On New Year's Day I went with my parents to play Bunco. That night, after it was over, I decided to walk home. It's only around the block, so I figured it wouldn't be bad. I didn't realize the temperature had dropped to 17 degrees and was continuing to drop. As I started walking, the cold started setting in and I began to see just how cold it can get there. I had lived there as a young adult, but I've lived in California for so long that I forgot. But California is more humid, so during the day in Utah, it feels warmer than the same temperature in California. But 17 degrees is pretty cold, no matter the humidity level.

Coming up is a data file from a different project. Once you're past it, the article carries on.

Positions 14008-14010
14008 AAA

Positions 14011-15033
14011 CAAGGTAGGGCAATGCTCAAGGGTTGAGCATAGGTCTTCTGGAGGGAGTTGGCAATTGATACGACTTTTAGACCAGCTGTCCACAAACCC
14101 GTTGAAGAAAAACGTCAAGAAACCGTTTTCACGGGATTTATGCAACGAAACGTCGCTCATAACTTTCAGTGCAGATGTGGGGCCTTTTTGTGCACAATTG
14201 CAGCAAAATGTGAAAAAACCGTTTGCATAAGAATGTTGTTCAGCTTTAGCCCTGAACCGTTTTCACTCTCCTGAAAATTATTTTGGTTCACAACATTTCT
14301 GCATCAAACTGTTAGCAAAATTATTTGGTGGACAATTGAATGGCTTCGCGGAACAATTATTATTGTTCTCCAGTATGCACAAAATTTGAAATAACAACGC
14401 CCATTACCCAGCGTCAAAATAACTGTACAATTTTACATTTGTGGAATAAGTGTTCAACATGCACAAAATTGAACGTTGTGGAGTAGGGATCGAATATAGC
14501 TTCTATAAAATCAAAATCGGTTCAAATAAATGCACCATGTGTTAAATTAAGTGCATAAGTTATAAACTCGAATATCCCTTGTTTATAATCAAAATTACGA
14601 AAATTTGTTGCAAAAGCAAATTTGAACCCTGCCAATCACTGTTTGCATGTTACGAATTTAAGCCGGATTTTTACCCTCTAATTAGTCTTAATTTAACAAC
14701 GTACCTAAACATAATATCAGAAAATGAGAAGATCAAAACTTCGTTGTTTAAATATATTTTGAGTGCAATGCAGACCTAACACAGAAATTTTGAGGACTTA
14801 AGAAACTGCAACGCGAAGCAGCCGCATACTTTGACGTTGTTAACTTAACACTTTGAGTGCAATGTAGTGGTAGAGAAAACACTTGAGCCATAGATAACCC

Suddenly as I was walking along, I started having this panicky feeling. I started thinking about the pioneers who walked for weeks and weeks in that cold of weather. I thought about them sleeping outside in the freezing weather. I thought about them dying of the cold. I thought about the fear I would experience if I had to sleep out in it. I thought about the homeless and how they cope with the cold. I also thought about what would happen if the electricity went out. My parents do have a wood stove, but even then, it is a scary thought. It really made me grateful that I have a warm home and warm climate. It also makes me appreciate my pioneer ancestors who suffered so much so that they could live in a place where they could worship freely, and where they could build up a community. They are my forefathers, and I am the beneficiary of their sacrifices.